•  Keep it retail: Amazon made its reputation as a retail company, and yet health care has stubbornly resisted being truly retail -- even though almost nothing is more personal than your health, nor are many things done to you that are more "personal' than what commonly happens in health care.  If I see Amazon doing a deal with a big health plan or health system, I'll have a pretty good idea that they're simply going for their share rather than reshaping the market (as I talked about in Getting Our Piece of the Pie).  Remember your roots!
  • Make people mad: I don't know enough about the current Amazon-Hachette fight over e-books to have an opinion.  I do know that Hachette, their authors, and many readers are pretty mad at Amazon, and I say -- I hope whatever Amazon does in health care makes lots of people mad too.  I hope the AMA, AHA, and the state medical boards are furious, that individual health systems and health care professionals are scared to death, and there generally is a lot of arm-waving and teeth gnashing.   If everyone is applauding, Amazon didn't go far enough.

If all Amazon wants to do in health care is to make it easier for us to buy even more of the things we already buy too much of, and pay too much for, I wouldn't be surprised, but I will be disappointed.  We have plenty of companies who can help us tinker around the edges of the status quo, but all too few companies who could perhaps disrupt that status quo.

I hope they will take Daniel Burnham's famous advice: "Make no little plans; they have no magic to stir men's blood...Make big plans, aim high in hope and work."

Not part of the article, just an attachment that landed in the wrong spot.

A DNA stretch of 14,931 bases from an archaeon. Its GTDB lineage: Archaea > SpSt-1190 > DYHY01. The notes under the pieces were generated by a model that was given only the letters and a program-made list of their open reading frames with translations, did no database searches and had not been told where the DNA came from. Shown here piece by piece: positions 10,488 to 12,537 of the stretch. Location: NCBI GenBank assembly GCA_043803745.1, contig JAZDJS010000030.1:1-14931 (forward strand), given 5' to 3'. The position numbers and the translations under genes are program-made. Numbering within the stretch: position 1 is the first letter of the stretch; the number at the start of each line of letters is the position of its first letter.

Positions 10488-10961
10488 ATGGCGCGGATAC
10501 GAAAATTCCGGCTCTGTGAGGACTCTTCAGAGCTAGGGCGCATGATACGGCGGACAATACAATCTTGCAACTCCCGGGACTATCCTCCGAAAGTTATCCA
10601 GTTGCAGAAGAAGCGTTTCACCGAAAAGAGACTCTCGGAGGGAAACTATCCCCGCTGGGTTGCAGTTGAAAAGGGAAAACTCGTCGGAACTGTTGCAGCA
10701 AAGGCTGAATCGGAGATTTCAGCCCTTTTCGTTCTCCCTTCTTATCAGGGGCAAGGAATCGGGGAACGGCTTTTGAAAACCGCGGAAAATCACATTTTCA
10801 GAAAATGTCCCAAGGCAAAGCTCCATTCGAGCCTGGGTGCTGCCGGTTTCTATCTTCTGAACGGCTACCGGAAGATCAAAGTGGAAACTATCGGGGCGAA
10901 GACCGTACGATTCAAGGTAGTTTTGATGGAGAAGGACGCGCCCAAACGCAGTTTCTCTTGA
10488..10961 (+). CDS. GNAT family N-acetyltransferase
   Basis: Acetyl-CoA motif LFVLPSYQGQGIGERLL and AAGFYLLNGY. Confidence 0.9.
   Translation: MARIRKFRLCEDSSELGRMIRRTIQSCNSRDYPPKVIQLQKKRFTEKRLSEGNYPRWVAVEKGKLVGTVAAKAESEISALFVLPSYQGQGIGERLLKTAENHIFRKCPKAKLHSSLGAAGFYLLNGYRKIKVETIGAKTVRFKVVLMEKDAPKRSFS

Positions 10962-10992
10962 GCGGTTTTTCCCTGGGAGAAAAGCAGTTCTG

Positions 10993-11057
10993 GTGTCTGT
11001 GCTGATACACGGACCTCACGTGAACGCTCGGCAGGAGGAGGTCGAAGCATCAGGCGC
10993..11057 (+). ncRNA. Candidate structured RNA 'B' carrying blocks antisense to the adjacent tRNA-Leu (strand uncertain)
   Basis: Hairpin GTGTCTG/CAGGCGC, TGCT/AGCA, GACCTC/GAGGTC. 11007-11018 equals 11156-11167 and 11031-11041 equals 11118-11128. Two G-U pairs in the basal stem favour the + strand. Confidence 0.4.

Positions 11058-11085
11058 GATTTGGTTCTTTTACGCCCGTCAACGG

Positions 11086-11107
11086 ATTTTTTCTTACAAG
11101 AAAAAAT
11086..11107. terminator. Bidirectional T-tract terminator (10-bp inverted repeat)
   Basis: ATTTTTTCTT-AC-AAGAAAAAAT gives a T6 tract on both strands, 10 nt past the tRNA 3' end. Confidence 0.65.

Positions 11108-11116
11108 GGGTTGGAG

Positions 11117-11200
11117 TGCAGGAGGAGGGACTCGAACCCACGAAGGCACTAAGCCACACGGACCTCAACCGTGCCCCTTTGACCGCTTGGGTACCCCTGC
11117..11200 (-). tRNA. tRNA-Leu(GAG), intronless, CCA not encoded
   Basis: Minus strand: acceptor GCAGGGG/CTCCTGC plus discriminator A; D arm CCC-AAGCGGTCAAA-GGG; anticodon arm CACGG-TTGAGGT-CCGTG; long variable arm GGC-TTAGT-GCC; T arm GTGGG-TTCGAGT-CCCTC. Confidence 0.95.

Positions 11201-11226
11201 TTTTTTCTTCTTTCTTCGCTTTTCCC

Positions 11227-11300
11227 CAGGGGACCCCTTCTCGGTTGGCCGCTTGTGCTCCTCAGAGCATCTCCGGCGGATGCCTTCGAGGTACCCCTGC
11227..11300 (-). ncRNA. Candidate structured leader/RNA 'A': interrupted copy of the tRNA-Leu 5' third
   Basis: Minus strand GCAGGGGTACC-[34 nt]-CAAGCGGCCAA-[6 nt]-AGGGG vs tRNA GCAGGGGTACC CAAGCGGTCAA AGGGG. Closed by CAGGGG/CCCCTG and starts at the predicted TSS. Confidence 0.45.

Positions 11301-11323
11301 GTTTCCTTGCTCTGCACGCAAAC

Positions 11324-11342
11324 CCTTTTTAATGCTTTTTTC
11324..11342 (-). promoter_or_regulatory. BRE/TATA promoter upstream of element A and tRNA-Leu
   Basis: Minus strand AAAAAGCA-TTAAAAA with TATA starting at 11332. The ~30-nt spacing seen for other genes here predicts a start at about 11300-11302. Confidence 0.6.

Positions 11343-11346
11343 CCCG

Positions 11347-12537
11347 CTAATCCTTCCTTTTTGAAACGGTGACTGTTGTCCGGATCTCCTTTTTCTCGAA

Monday, August 18, 2014

You're Supposed To!

There's been much going on that I wanted to comment on, but one Linkedin reader of Paying for Health Care with House Money suggested that I write about patient responsibility, so I want to start there.

I regularly bring up examples where the various parties involved in the business of our health care system are not performing as well as they should, and how we're paying for that with higher costs and lower quality.  Most of the time I also point out that we, as patients and as consumers, bear ultimate responsibility for allowing these parties to act as they do (e.g., waits for physician appointments).

Complaining about our health care system is a lot like complaining about Congress.   In both cases, the people and institutions we complain about work for us -- or, at least, we end up paying their salaries -- and they're only doing what we allow.  We allow it for lots of reasons -- for example, the difficulty in picturing how to change the status quo, and the big money spent lobbying to keep that status quo -- but it's hard to argue that we're powerless to make things change.

We have to take more responsibility for our own health, and our health care system.

Consider this: what if your doctor told you there was something you could do that would lead you to living three years longer, on average, if you did it as little as five minutes a day?  That's all: five minutes a day. That's like popping a pill or applying the kind of miracle cream you see advertised on late night TV.  Sounds like a no-brainer, doesn't it?